Background: The Government of Egypt is committed to increasing the share of renewables in the electricity mix to 42% by 2035. The country’s Nationally Determined Contribution (NDC) has led to the adoption of enabling measures to this end, including schemes to attract public and private investments under the Renewable Energy Law. Yet, contrary to over 1,500 MW utility-scale projects, grid-connected small-scale (rooftop, distributed) solar photovoltaics (PV) have not experienced the anticipated growth. There are around 63,000 industrial small and medium enterprise (SME) establishments in Egypt and conservative estimates of PV potential in the industrial sector exceed 1,000 MW (1 GW), yet PV deployment in industrial SMEs is significantly below market potential. With national installed capacity of ~60GW, and industry consuming around 27% of national electric energy from the carbon-intensive national grid (which accounts for 12% of national GHG emissions), stakeholders, experts, and market studies agree that solar PV for industrial SMEs have the potential to be unlocked via tailored measures.
The main barriers for a sector-wide transformation are (1) limited financial attractiveness and high perceived risk of investment and financing of PV in industrial SMEs; (2) weak project pipeline leadership; (3) limited & costly decision support for potential beneficiaries and financiers (4): weak monitoring systems and stakeholder engagement and (5) the perceived complexity of regulatory arrangements.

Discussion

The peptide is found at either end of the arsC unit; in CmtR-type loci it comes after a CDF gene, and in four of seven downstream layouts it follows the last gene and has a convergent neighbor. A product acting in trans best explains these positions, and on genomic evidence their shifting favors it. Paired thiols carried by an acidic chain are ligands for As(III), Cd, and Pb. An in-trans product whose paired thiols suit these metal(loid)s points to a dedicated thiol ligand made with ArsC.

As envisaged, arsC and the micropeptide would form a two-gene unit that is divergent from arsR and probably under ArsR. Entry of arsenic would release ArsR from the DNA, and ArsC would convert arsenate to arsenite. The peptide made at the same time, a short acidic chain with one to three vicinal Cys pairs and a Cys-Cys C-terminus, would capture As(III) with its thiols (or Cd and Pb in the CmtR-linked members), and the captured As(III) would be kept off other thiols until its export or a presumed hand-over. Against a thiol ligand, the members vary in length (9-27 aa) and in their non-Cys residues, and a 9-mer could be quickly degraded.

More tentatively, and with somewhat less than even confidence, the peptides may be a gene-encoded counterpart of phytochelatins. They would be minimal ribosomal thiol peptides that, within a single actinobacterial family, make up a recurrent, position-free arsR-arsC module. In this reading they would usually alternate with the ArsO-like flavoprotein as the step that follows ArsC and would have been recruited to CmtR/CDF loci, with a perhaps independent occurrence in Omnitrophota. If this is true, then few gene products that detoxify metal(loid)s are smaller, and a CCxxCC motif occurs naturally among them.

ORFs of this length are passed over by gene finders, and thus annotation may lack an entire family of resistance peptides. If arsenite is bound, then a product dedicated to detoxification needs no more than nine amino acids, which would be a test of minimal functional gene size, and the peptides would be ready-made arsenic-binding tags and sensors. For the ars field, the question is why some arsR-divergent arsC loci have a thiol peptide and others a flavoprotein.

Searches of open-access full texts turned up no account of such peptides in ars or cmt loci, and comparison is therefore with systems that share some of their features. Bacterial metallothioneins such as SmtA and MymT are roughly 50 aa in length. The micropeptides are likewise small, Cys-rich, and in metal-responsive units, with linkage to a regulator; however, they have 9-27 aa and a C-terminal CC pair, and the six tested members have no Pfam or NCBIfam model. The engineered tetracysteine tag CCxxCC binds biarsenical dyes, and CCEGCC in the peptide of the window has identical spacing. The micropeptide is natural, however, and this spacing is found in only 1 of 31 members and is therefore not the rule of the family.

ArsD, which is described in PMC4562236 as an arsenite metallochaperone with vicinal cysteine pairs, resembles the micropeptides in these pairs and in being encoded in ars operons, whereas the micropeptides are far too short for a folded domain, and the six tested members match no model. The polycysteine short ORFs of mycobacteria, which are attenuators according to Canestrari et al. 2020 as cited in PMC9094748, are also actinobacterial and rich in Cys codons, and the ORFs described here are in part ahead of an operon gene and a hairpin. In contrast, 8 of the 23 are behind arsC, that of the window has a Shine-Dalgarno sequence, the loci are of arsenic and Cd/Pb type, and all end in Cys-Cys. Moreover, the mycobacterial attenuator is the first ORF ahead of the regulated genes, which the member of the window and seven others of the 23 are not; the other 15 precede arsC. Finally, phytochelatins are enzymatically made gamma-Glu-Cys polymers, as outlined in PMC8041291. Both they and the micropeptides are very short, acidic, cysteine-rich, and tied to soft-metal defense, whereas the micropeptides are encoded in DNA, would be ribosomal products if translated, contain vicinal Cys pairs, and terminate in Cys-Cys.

Approach to Transformational Change: “Egypt – Accelerating Deployment of Solar Energy in Industrial SMEs” or “Egypt – Solar PV Industry” for short, aims to unlock the potential in the industrial SME sector by removing the underlying barriers mentioned above and operationalising an enabling framework that allows solar PV business models to become financially self-sustainable. More specifically, the NAMA Support Project’s (NSP) objective is to support transformation to market-driven widescale deployment of on-grid solar PV in industrial SMEs through the installation of an exemplary 125 MW PV. Co-benefits of the NSP include cost reduction and increased competitiveness of industrial SMEs, local manufacturing promotion, green job creation, and air quality improvement. The NSP intends to demonstrate that public and private finance is leveraged, innovative financial solutions are viable, and enabling frameworks are in place for enhancing.
The financial component (FC) of the NSP consists of (1) a loan facility from own resources of two public commercial banks (2) grant co-finance of loan facility (3) equity from own resources of SMEs; and (4) partial grants to SMEs as investment incentive from NAMA Facility funds. The NSP intends to leverage EUR 44 million of public co-funding.
Mitigation potential: The NSP is expected to directly result in at least 192,000 tCO2e avoided during the NSP and 1.5 million tCO2e avoided over technology lifetime.